The State Department had previously said it was trying to verify reports that as many as 38 gay men have been arrested and 168 others are being pursued following passage of the anti-gay law. The Associated Press reported on Friday that arrests are spreading across Nigeria and dozens more individuals perceived to be gay have been rounded up and questioned.

But Psaki on Friday said wasn’t able to provide any confirmation about arrests in terms of numbers as she reiterated U.S. concern about the media reports.

“I don’t believe I have an update on the specific numbers that have been out there,” Psaki said. “Obviously, we have expressed our concerns about these reports, expressed our concerns about the legislation as well…It’s often difficult to confirm specific numbers along those lines.”

Will Stevens, a State Department spokesperson, later told the Blade the U.S. embassy in Nigeria is working to ascertain the number of individuals perceived to be gay arrested under the law. Stevens said the State Department would provide a response by Tuesday, but it’ll probably be a “squishy number” because of the changing situation.

Asked to respond to media reports that Uganda President Yoweri Museveni has returned the “anti-homosexuality” bill to parliament, which passed the measure last month, Psaki said she was unaware of the development.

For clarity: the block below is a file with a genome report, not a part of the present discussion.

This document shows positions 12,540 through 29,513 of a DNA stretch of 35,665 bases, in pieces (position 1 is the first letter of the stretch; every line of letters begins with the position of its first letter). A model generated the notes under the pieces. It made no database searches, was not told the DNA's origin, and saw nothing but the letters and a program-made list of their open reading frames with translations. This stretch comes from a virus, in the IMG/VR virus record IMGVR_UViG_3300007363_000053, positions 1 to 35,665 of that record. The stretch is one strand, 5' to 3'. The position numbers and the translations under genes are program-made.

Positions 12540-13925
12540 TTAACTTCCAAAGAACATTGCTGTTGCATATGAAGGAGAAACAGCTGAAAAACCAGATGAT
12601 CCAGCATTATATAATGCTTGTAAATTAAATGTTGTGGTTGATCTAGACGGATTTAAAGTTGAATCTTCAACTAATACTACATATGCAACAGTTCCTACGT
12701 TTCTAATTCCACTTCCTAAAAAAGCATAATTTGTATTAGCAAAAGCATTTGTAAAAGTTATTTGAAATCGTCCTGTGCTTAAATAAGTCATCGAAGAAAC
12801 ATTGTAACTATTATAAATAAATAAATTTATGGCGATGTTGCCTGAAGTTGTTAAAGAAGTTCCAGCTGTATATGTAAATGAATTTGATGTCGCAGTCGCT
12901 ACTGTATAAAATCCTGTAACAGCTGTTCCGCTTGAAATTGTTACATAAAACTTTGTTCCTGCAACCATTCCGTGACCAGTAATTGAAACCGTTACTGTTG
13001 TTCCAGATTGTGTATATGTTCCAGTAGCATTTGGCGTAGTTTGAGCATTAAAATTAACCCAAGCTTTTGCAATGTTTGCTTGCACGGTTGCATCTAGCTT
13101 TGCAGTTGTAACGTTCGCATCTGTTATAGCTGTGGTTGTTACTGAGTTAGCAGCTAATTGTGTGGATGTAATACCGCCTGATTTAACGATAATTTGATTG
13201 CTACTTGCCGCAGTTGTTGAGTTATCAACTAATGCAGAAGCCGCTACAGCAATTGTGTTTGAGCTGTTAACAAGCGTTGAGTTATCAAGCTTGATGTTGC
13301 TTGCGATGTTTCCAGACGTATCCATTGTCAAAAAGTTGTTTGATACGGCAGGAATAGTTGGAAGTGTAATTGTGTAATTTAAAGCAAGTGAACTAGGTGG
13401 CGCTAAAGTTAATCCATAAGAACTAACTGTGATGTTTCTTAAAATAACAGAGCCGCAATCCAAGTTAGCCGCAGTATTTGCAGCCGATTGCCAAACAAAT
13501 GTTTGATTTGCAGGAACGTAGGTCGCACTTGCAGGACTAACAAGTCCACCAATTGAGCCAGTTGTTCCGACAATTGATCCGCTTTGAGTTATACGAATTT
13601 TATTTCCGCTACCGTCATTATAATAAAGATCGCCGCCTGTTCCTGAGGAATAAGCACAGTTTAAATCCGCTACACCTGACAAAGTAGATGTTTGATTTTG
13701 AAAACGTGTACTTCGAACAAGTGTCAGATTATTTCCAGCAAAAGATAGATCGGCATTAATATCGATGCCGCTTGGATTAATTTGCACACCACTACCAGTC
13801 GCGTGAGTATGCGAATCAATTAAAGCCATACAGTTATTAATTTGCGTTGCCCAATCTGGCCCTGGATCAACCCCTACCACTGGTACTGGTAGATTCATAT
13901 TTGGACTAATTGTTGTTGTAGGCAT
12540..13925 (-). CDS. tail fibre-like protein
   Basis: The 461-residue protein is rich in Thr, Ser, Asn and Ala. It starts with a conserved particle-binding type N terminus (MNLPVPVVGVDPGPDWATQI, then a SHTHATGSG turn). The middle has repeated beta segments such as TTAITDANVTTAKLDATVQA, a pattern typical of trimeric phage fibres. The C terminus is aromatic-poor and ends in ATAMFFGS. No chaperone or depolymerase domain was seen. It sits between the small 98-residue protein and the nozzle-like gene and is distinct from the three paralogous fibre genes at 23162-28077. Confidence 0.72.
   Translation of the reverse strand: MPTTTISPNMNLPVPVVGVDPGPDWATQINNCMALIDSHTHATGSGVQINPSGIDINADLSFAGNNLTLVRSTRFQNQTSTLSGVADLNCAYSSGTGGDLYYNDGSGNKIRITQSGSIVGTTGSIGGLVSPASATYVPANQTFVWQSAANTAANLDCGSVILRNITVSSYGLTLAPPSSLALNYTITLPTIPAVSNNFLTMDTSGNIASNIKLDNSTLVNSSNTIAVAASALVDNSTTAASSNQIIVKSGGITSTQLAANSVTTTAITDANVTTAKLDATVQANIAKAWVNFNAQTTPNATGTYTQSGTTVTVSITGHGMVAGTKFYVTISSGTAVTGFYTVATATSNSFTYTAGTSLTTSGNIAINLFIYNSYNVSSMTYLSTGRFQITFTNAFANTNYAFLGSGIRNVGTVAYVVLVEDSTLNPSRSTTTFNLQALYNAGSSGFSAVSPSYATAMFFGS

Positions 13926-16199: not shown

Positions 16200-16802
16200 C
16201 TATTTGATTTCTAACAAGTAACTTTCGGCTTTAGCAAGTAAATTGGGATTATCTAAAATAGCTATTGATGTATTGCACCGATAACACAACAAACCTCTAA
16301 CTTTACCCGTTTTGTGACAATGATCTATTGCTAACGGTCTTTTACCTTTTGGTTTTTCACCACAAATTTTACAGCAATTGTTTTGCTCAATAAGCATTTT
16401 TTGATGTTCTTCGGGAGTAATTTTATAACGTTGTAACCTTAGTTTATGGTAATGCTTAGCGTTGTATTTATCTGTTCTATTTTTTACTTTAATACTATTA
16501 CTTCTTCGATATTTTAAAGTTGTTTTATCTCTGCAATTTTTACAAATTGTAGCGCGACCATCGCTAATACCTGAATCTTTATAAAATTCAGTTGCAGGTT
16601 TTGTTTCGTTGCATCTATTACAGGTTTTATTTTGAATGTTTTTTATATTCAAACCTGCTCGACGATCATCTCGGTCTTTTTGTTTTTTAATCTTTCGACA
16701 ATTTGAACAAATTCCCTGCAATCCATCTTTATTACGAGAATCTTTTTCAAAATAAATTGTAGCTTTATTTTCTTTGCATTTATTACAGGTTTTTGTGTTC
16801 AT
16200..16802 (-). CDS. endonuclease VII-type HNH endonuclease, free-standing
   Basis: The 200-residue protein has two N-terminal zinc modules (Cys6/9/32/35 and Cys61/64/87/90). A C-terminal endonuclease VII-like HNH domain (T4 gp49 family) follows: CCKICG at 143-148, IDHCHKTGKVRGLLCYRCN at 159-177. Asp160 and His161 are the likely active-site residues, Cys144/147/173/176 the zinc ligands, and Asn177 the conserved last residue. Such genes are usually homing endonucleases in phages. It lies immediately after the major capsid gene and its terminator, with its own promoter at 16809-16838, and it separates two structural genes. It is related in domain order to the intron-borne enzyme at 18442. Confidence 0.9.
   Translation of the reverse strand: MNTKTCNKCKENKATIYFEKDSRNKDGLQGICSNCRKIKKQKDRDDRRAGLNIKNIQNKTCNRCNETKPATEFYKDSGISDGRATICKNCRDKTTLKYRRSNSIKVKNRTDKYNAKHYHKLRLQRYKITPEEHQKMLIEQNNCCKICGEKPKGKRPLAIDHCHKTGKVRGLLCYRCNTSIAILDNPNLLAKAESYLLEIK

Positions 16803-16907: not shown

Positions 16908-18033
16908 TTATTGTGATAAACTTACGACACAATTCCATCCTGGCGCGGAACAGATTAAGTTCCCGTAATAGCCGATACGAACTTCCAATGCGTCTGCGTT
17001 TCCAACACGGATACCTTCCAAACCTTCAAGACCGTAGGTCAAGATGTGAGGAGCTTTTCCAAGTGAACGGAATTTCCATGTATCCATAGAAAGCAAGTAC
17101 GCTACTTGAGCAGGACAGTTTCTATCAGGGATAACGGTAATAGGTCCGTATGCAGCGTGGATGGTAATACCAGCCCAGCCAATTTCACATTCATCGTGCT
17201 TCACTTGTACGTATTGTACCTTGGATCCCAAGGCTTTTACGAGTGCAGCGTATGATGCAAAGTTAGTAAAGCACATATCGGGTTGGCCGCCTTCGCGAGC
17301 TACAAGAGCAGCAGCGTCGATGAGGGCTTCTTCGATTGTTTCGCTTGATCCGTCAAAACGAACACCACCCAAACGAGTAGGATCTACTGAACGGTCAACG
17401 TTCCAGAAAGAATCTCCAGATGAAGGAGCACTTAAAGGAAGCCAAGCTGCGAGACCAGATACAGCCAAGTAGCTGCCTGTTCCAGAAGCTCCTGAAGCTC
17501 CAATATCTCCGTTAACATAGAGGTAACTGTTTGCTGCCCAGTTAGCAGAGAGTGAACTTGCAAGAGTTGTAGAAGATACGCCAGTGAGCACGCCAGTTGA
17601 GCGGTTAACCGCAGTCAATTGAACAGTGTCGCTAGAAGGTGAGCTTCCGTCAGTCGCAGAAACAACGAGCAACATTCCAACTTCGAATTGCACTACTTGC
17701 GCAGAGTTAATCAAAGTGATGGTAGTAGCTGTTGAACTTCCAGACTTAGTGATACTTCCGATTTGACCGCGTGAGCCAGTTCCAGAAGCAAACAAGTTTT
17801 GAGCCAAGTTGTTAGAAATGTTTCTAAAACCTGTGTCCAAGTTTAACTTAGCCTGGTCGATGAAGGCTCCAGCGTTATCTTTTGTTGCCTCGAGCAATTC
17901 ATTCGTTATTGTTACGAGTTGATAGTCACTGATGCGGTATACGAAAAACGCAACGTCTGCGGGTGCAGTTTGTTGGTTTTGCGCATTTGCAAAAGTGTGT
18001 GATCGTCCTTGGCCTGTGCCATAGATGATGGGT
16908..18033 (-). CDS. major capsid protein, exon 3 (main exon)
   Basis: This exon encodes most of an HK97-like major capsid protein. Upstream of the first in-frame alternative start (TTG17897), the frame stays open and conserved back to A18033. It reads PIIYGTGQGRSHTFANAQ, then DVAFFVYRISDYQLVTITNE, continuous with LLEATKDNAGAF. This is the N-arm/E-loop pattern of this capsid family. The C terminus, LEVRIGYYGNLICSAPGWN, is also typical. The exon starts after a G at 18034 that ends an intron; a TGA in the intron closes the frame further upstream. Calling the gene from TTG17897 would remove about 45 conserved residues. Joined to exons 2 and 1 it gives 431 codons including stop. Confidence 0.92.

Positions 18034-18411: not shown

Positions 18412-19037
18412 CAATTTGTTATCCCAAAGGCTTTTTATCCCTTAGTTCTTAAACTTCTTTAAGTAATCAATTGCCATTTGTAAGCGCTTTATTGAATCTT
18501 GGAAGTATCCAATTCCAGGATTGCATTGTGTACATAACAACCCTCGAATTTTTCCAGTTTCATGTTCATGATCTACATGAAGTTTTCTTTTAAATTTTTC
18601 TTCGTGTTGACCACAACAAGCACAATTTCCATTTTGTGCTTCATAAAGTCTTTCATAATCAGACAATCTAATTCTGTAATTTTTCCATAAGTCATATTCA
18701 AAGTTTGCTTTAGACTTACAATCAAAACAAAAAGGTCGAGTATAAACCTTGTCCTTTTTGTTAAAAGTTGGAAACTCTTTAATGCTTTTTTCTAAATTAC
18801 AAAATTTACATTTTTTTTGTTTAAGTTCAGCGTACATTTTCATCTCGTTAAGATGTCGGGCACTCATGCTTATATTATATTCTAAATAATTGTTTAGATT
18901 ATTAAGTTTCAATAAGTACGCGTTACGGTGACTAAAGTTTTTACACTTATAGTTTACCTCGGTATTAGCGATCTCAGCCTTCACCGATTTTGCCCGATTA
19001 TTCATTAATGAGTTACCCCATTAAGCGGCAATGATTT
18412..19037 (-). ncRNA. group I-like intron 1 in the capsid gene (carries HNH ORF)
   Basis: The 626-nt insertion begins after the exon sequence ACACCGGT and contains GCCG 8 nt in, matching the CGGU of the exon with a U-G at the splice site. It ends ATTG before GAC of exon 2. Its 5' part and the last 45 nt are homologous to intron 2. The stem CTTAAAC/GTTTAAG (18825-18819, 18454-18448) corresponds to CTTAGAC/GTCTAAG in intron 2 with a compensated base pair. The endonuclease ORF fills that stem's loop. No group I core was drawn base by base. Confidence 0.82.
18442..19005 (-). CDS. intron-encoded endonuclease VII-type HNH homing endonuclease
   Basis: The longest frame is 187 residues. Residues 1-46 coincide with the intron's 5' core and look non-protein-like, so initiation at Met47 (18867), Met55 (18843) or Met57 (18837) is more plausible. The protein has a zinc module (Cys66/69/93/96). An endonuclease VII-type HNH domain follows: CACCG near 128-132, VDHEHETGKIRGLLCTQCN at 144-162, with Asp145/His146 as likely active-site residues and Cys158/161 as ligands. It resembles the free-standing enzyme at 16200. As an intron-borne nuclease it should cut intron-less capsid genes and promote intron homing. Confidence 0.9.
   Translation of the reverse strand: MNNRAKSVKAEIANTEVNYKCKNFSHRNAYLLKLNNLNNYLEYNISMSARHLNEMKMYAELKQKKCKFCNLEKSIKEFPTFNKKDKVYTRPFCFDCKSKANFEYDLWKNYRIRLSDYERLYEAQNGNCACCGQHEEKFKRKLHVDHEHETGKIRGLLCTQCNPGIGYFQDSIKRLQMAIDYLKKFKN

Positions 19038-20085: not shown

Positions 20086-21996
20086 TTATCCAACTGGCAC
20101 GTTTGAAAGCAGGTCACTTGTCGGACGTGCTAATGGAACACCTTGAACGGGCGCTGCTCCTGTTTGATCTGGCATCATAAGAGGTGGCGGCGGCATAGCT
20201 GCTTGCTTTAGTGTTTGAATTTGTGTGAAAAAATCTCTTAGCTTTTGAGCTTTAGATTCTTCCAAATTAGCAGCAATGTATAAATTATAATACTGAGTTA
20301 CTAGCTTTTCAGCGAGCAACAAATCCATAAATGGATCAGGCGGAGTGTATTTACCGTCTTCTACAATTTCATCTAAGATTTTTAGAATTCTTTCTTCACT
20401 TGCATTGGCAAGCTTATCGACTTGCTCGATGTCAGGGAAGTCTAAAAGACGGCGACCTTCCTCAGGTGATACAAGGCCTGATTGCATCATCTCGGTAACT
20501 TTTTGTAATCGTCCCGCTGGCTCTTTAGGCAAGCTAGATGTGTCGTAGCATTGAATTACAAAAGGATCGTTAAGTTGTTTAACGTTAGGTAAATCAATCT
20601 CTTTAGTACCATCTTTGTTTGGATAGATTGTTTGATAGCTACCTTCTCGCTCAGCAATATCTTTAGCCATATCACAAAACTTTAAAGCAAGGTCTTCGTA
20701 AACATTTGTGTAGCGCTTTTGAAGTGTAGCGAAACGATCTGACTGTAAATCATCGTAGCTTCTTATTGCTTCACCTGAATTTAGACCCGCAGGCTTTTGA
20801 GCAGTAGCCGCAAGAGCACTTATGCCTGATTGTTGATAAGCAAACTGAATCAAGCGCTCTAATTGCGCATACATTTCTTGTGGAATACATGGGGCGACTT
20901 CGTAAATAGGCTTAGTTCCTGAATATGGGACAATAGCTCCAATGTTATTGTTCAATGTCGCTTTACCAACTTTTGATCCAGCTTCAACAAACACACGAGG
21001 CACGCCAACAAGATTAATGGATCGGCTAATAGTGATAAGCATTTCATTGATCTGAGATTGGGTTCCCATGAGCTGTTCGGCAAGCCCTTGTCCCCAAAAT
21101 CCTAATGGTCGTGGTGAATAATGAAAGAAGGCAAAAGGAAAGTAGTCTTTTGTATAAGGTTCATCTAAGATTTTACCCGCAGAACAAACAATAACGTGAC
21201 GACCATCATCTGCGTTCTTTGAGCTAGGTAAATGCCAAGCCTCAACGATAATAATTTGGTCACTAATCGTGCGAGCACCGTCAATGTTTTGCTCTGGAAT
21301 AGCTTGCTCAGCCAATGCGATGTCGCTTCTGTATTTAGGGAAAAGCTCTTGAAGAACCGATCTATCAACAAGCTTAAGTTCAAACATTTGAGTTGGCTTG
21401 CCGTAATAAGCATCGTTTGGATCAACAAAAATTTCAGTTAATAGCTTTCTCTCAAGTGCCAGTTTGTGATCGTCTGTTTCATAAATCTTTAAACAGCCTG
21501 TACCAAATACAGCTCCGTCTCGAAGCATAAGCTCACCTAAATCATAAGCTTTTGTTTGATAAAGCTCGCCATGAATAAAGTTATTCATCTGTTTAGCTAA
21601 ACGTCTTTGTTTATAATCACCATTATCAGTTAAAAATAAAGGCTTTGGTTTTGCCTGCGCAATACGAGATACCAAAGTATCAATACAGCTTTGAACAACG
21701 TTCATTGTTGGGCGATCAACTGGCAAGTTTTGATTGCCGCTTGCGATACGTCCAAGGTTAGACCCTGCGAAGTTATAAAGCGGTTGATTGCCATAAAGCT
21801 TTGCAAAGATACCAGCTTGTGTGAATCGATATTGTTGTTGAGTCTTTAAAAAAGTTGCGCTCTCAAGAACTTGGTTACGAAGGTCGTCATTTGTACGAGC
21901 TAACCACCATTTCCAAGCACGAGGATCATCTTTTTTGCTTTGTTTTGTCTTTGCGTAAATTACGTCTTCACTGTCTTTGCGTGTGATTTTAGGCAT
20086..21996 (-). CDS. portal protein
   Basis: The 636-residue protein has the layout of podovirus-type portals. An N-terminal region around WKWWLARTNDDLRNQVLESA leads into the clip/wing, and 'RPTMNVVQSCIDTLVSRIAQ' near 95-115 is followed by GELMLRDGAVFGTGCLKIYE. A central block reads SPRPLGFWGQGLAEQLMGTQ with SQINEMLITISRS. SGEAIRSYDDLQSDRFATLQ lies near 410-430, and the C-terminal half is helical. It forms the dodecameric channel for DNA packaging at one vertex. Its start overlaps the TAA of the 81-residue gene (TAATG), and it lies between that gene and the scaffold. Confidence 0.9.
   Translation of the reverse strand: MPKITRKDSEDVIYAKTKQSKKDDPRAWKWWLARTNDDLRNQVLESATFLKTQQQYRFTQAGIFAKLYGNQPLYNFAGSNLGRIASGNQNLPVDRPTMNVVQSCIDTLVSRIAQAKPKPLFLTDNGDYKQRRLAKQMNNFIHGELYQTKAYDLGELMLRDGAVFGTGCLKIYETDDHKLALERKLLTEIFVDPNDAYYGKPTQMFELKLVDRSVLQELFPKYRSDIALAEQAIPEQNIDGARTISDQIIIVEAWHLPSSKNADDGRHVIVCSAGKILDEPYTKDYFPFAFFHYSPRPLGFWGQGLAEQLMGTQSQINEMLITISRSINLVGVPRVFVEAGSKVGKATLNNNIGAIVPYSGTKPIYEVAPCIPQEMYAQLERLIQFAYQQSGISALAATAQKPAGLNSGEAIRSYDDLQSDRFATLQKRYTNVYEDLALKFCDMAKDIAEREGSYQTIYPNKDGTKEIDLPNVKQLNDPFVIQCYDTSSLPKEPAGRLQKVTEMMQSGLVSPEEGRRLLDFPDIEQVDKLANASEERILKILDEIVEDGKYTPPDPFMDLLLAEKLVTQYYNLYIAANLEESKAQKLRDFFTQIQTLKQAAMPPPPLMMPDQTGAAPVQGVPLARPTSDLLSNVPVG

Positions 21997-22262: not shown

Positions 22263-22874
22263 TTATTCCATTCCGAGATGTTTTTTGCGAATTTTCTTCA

“I haven’t seen that,” Psaki said. “I’m happy to check with our team and see if we have more details on that.”

A State Department official later told the Blade the United States continues to raise concerns about the legislation in Uganda and “welcome[s] reports” that some Ugandan leaders have expressed their  opposition to the bill.

“Since the 2009 introduction of this legislation, we have consistently registered our opposition at the highest levels of government, both in Washington and in Kampala, reiterating our long-standing opposition to legislation that discriminates against LGBT individuals,” the official said.

18
Jan
2014

Putin: Gay rights protesters won’t face prosecution during Olympics

ABC News, George Stephanopoulos, Russia, Vladimir Putin, Sochi, Russia, gay news, Washington Blade

ABC News’ George Stephanopoulos interviewed Russian President Vladimir Putin (left) in Sochi, Russia, on Jan. 17. (Photo by Jeff Overs/BBC)